Winter Vegetable Stew with dumplings

This is one of my favourite Fife Diet dishes. It varies from season to season, and is totally flexible depending on what you have around. You should make enough for two days as there is quite a lot of peeling – but be warned that sometimes you will eat the whole lot on the first day by mistake. If you want to save some for next day, make the dumplings again, fresh as you reheat the stew. We usually eat with steamed cabbage.

I have left all the quantities pretty vague. Add more of what you like and less of what you don’t. Use up whatever you have. But following these rough amounts there should be enough for two adults to eat over two days, plus feed a couple of small children.

The trick to the stew is to get the pot going while you’re preparing the other veg. This means everything has had a bit of a steam at the start, adding to the flavour. Just keep an eye on it to make sure the bottom of the pan doesn’t burn. Choose a big pan to allow room for stirring with a tight fitting lid – something like a stock pot.


oil: olive, rapeseed or butter
onions, red or white, at least 2, maybe more
garlic – at least 3 cloves – more if you like
leeks – about 4 or 5
1 big or 2 small turnip
4 or 5 parsnips
half a celeriac – use less than any other veg
carrots orange or yellow or a mix – about 10 medium ones in total


Warm the oil in the pan over a medium heat. Slice the onions fairly fine, and the garlic crushed. Put the lid on and allow to sweat whilst checking regularly. Meanwhile wash and slice the leeks. Add them to the pan, mix well and put the lid back on. If things look a bit dry at this point you can add any wine you’re thinking of using.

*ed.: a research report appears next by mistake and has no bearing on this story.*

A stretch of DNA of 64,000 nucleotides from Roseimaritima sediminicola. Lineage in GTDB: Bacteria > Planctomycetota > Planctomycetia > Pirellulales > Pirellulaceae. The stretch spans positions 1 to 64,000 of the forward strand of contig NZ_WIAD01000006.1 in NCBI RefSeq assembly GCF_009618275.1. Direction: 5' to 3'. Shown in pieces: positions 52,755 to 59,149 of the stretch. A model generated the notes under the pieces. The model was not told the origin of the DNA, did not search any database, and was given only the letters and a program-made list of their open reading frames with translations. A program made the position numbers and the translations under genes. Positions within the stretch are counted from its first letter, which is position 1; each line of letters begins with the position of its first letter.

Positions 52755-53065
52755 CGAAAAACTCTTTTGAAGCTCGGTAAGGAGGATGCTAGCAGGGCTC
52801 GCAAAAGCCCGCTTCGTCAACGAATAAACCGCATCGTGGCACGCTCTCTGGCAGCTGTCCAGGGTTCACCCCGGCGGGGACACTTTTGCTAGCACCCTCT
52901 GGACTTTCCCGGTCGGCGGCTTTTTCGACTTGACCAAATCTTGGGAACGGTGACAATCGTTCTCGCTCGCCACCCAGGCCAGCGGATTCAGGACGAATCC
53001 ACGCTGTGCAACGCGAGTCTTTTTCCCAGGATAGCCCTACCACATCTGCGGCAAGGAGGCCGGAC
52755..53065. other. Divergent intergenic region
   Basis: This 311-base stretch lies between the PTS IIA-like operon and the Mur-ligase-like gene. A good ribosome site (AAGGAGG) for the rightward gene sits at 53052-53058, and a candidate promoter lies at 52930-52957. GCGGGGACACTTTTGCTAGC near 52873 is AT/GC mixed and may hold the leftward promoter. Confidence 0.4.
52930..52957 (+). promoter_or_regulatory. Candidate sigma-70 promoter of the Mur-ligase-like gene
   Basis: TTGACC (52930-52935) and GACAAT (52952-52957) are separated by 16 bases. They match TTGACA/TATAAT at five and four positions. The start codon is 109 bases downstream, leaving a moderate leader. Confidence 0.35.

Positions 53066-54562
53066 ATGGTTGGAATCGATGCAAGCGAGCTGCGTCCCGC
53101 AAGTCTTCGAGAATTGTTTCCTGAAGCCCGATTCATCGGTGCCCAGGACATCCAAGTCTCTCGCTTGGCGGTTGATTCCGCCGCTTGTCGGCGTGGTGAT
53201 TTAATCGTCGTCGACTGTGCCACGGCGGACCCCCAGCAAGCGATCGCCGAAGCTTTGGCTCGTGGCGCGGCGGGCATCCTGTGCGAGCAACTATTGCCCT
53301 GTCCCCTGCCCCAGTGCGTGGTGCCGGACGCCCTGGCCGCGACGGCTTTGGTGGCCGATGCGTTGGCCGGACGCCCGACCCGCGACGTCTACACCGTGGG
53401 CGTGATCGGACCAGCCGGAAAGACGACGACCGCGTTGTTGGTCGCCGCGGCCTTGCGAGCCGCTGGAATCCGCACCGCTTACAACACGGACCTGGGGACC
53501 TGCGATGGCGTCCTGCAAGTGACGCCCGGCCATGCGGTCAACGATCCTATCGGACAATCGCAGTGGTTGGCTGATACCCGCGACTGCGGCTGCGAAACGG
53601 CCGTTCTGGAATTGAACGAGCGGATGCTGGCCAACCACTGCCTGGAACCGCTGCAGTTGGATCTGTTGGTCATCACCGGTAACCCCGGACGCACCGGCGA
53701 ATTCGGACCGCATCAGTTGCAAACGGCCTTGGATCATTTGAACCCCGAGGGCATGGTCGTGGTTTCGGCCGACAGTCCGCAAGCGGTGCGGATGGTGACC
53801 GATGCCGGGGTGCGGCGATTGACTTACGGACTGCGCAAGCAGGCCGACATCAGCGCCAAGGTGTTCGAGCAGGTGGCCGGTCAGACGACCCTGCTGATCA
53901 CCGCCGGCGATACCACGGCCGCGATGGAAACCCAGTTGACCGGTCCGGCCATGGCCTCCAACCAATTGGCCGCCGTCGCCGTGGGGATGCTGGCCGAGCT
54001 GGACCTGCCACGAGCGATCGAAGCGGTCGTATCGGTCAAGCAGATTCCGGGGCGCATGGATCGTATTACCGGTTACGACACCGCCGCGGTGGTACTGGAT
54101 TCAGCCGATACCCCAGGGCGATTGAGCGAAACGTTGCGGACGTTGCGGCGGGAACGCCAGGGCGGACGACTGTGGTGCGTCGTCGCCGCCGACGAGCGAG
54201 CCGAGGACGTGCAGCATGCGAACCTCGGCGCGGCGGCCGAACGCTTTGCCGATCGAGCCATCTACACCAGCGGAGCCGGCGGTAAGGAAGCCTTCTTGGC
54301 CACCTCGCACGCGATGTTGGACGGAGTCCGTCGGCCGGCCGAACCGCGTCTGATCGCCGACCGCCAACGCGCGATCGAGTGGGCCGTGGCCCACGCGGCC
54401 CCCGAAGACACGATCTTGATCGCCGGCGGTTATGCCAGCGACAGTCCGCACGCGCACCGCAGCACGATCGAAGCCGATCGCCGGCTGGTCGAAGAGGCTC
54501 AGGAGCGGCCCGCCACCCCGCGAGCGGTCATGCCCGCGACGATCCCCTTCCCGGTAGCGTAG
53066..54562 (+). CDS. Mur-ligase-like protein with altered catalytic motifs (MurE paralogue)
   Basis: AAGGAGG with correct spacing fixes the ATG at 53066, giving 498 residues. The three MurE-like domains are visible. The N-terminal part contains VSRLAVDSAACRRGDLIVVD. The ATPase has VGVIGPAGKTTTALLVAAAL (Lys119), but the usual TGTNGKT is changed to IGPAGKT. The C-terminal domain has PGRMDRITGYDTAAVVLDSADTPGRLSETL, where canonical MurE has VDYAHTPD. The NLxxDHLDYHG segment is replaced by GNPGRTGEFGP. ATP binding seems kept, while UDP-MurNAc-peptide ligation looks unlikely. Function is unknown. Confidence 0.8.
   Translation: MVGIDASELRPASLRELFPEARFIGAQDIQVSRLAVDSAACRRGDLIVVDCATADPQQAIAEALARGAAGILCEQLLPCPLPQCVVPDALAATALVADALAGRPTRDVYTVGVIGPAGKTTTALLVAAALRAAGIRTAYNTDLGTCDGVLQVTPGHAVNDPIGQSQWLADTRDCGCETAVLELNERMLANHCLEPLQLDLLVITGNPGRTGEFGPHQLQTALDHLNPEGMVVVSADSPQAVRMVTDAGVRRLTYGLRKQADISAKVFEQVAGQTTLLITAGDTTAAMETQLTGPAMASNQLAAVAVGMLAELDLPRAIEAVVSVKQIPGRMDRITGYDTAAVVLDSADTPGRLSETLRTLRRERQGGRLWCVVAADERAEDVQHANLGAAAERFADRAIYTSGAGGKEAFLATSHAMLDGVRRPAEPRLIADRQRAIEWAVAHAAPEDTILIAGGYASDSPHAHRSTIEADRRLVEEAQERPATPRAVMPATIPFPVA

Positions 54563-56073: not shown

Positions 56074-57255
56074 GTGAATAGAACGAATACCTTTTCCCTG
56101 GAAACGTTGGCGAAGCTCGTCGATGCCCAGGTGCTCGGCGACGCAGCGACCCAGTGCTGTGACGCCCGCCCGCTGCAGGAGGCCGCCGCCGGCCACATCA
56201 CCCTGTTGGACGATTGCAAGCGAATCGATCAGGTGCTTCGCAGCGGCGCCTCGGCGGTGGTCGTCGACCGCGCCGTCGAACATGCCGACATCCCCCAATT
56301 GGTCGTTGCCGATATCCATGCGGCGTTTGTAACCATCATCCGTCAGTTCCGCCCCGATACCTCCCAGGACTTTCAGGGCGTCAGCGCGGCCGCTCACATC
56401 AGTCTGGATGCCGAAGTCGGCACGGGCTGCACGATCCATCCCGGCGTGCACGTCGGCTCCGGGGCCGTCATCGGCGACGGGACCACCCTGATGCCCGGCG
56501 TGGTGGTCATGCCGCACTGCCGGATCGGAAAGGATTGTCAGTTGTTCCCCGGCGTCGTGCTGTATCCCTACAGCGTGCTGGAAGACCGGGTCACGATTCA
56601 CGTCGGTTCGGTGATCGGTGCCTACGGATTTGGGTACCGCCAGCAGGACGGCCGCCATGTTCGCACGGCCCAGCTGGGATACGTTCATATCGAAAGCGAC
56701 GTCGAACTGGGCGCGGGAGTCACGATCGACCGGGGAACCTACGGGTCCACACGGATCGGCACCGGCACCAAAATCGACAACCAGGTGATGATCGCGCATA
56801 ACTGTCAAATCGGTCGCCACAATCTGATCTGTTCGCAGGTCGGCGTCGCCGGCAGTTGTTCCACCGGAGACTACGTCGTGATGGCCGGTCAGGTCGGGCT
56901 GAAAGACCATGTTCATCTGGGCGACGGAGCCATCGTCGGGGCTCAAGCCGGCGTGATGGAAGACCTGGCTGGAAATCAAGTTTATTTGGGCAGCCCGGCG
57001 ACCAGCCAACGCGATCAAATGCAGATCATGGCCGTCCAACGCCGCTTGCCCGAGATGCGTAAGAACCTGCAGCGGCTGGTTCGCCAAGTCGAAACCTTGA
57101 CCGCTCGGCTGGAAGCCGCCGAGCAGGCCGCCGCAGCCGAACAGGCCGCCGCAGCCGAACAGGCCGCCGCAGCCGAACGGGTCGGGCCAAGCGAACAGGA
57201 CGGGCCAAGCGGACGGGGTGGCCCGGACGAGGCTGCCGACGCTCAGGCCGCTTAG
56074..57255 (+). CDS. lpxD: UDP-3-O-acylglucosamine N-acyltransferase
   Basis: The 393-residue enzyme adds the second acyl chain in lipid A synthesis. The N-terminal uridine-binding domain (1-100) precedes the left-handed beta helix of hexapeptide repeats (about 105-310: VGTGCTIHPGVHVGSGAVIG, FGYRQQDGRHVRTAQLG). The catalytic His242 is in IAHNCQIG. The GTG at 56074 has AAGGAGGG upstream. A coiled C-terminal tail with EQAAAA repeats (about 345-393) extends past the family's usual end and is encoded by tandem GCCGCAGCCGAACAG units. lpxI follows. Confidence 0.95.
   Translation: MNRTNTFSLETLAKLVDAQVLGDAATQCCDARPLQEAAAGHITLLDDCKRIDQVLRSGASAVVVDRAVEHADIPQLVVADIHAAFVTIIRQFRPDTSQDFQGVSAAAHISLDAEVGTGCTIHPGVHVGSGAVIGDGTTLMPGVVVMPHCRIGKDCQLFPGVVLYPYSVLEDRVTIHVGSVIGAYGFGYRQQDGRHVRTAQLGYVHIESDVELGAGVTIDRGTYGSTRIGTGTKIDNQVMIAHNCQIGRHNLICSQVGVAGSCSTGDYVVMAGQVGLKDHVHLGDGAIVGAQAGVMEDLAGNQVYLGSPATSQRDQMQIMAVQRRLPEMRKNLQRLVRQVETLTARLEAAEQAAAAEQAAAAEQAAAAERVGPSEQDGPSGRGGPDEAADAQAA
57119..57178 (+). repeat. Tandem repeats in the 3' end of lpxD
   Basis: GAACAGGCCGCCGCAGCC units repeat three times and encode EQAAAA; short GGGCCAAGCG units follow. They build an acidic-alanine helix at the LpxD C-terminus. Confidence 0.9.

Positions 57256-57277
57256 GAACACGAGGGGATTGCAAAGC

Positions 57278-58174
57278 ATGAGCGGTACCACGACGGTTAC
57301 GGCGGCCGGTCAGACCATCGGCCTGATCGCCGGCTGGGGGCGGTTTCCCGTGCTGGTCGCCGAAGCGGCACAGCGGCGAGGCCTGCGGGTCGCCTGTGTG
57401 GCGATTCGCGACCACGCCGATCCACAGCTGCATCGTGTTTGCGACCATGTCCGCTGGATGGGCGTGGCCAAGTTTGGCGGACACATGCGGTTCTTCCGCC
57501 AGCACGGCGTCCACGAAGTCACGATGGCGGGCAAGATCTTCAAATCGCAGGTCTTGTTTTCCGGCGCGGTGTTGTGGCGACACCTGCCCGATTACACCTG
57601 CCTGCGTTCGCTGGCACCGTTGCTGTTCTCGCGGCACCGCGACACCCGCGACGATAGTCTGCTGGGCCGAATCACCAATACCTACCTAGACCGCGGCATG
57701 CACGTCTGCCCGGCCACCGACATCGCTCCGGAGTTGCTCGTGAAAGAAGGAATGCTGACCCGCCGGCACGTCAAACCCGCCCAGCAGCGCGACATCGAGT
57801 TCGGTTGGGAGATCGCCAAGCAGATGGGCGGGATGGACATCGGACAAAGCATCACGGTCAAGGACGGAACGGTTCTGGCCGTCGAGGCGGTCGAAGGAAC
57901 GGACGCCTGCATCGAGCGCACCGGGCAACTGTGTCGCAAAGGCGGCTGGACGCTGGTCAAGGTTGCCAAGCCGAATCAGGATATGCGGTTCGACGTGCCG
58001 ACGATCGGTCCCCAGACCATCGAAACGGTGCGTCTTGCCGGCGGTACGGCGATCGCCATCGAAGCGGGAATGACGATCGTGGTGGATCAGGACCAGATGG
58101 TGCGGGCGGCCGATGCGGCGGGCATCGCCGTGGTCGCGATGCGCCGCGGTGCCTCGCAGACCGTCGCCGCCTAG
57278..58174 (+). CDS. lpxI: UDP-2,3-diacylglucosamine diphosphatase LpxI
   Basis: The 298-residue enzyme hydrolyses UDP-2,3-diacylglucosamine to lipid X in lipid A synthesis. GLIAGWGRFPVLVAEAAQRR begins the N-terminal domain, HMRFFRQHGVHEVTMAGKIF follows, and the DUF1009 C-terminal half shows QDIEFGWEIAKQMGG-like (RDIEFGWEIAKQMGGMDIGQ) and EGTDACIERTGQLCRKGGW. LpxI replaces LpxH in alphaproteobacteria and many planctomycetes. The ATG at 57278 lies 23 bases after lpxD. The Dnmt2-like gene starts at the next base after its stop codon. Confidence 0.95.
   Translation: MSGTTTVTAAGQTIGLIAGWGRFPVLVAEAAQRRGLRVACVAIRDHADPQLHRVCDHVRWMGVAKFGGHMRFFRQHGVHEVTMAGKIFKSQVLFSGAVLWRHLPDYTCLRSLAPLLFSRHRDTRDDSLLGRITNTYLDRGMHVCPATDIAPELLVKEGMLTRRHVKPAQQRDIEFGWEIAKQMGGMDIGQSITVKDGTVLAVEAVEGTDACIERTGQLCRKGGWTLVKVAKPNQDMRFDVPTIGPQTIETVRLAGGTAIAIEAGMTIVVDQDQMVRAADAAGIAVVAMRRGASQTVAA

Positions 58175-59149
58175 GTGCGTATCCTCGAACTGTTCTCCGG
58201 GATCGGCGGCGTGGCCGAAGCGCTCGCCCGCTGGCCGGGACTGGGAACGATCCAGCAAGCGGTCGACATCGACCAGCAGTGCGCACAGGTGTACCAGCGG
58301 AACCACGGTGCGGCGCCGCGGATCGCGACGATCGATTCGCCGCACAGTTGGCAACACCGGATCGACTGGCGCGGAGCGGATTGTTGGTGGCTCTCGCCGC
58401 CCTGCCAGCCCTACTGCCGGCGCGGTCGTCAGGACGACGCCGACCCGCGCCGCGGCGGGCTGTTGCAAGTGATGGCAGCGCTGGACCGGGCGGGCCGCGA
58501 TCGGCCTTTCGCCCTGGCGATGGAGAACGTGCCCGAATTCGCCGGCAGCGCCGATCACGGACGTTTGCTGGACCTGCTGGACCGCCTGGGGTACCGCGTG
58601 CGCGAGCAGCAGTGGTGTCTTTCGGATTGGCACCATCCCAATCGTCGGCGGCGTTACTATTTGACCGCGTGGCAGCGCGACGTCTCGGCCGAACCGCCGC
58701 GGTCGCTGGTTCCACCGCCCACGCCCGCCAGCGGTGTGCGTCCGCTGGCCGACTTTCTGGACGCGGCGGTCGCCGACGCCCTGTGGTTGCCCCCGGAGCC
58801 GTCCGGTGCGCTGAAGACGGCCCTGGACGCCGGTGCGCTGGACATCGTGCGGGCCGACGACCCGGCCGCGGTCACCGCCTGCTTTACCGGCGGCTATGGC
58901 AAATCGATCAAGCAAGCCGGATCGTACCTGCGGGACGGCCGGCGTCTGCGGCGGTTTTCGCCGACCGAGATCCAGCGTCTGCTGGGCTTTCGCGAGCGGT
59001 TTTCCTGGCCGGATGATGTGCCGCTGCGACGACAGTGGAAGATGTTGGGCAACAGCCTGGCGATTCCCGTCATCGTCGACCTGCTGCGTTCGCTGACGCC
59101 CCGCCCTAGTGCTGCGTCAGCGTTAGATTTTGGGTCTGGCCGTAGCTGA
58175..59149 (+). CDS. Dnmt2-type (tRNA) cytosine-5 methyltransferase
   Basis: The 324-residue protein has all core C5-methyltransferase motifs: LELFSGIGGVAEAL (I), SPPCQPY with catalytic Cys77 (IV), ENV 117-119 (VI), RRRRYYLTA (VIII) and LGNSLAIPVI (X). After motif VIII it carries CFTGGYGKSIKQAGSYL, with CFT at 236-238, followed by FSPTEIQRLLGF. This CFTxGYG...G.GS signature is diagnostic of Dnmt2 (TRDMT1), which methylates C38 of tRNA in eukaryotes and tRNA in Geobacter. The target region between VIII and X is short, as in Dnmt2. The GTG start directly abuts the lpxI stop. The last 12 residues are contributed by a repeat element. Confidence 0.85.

Add the bay leaves. Using a sharp knife cut the skin off the turnip. Then dice to about 1cm cubed – but no need to be too exact. Add to the pan and stir well. Halve the celeriac. Cut the skin off and then dice into 1cm cubes. Add to the pan and keep stirring. If the pan is sticking or dry you could add a splash of freshly boiled water to keep things moving. Either scrub, scrape or peel the carrots and parsnips and then slice to about 1cm thick – then cut into quarters so you get nice chunks. Rinse under the tap then add to the pan. Give everything a really good stir and leave for a few minutes more.

For the Stock…


bay leaves – 2 or 3

a teaspoon or so of bouillon (optional)

salt & pepper

splash of red or white wine if you have any (add early)

dash of soy sauce


You can put in fresh or dried herbs if you have any especially rosemary or thyme or sage if you have fresh (but not dried). Put 3 or 4 leaves of that in right at the start.

Now add the stock ingredients. Any one of the ingredients can be left out or more of one added. But when you’ve put everything in, add boiling water until it is just visible at the surface of the stew. Probably about 1 – 1.5 litres depending. This should mean that you don’t need to top up later.

Increase the heat to get things boiling then put the lid on and reduce heat to a simmer.

This should now take about 45 mins to cook. Don’t over do it as you don’t want sludge. So keep an eye on it and mid way through check the seasoning and add whatever more it needs.

For the Dumplings…

4 oz self raising flour

2 oz butter

a large pinch any dried or fresh herb you like – including bought dried mixed herbs

salt and pepper

cold water to mix

Just before you’re ready to eat make the dumplings. You want to eat them as soon as they’re done. Mix the flour, herbs, salt, pepper and butter together to breadcrumbs – you can use a food processor. Then add enough cold water to make a dough. Divide the dough into 10 or 12 little balls and sit them on top of the stew. Put the lid back on and leave to simmer for about 20 – 25 mins. Then eat!